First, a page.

Saturday’s games are among the relatively less important games of the week, but they still mean something to the Philadelphia Eagles and the San Diego Chargers. Both these teams are currently on the outside of the playoff hunt in their respective conferences. The Eagles will have around a 50% chance of making the playoffs if they beat the Washington Redskins, but will need a fair bit of luck to get there if they lose this one. The Chargers will have around a 25% chance of making it if they beat the fading 49ers—they’ll still need some chips to fall their way—but if they lose this game, they can virtually kiss their playoff hopes good-bye.
Games of Week 16, Ranked by Influence on Super Bowl Picture1
1. Source: Mike Beuoy at fivethirtyeight.com, who runs a weekly Monte Carlo simulation of the remaining season. The ranking his simulation is based on, along with the current projected probabilities of the season's result for each team can be found here. The simulation is run 50,000 times. Ties are neglected. The numbers appearing in the above table are the results of a bit more calculation done on the data he provides.
2. The first percentage represents the cumulative impact a game has on the Super Bowl picture—i.e. the difference between the picture if Team A wins the game vs. if Team B wins the game—taking seeding into account. The unit is a single team's chance of making the super bowl. Thus, for instance the expected impact of a conference championship game will always be 200%, since if Team A wins, it will have a 100% chance of playing in the Super Bowl and Team B will have a 0% chance, and vice versa if Team B wins. Since the Super Bowl involves two teams, the theoretical limit of this number would be 400% (in practice, this limit is unreachable, as no single game ever completely determines both teams playing in the Super Bowl).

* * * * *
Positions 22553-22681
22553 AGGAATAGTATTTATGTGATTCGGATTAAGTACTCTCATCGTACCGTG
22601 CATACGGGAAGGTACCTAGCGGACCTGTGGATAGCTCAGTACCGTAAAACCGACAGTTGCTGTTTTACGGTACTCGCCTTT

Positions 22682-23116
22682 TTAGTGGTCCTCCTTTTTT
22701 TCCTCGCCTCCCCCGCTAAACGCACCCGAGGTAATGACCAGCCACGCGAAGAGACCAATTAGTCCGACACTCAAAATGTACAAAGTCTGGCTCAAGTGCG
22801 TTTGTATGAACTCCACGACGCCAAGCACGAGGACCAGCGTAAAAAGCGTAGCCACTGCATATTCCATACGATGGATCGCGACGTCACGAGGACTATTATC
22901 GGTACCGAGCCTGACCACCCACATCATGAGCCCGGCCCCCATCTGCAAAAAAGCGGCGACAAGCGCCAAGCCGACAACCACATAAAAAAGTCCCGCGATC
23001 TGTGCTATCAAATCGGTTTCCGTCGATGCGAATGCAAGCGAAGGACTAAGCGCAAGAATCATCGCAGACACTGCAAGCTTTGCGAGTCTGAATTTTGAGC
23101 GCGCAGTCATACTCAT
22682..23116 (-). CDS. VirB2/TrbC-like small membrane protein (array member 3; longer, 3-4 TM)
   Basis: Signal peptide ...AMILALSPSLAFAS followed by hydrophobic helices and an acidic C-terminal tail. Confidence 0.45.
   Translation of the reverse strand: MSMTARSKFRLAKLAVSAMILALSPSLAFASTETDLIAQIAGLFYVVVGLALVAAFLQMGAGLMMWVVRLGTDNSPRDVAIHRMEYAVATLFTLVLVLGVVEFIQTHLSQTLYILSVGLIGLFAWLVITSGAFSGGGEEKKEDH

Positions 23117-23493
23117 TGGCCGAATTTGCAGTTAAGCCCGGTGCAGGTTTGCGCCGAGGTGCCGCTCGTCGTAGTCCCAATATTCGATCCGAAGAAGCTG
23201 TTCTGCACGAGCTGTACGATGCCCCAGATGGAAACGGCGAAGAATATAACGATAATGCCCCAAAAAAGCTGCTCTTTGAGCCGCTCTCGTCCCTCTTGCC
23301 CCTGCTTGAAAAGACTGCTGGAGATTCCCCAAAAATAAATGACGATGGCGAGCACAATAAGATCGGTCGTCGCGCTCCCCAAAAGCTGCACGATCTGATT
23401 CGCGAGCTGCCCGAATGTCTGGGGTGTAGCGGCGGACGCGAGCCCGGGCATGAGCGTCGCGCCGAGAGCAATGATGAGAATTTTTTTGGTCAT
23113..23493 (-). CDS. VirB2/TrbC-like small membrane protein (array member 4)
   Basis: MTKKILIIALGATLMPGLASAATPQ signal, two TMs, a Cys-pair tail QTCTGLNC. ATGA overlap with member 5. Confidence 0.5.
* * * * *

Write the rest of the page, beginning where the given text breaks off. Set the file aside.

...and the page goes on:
The number in parentheses reflects an adjustment based on the odds of each team's winning, to yield what you might call the "Expected Impact" of the game. This decreases the importance of games where an upset would have a large impact on the Super Bowl picture, but such an upset is unlikely to happen. The more lopsided the odds (i.e. the less likely an upset), the greater difference this makes; if the odds are even, it makes no difference at all. For consistency's sake, in calculating this, I used the odds used by the simulation; in most cases these are virtually the same as the current line, but there are occasional exceptions when the line has moved since the simulation was carried out.
3. In a few cases, some teams can justify rooting in either direction of a matchup: for instance, if one team's victory leads to a better chance of making the playoffs but the other team's victory leads to a better chance of a higher seed. In such cases, the rooting team is listed normally on the side of the team whose victory is overall better for its chances of appearing in the Super Bowl, but also appears in small italics on the other side, to show that it has something to gain from that side's victory as well.
4. Source: The line used in the simulation, for consistency with the rest of the post. In cases where the line has moved since that simulation was conducted, the updated line in brackets is from vegasinsider.com.
5. Boldfaced for the most important game of each time slot.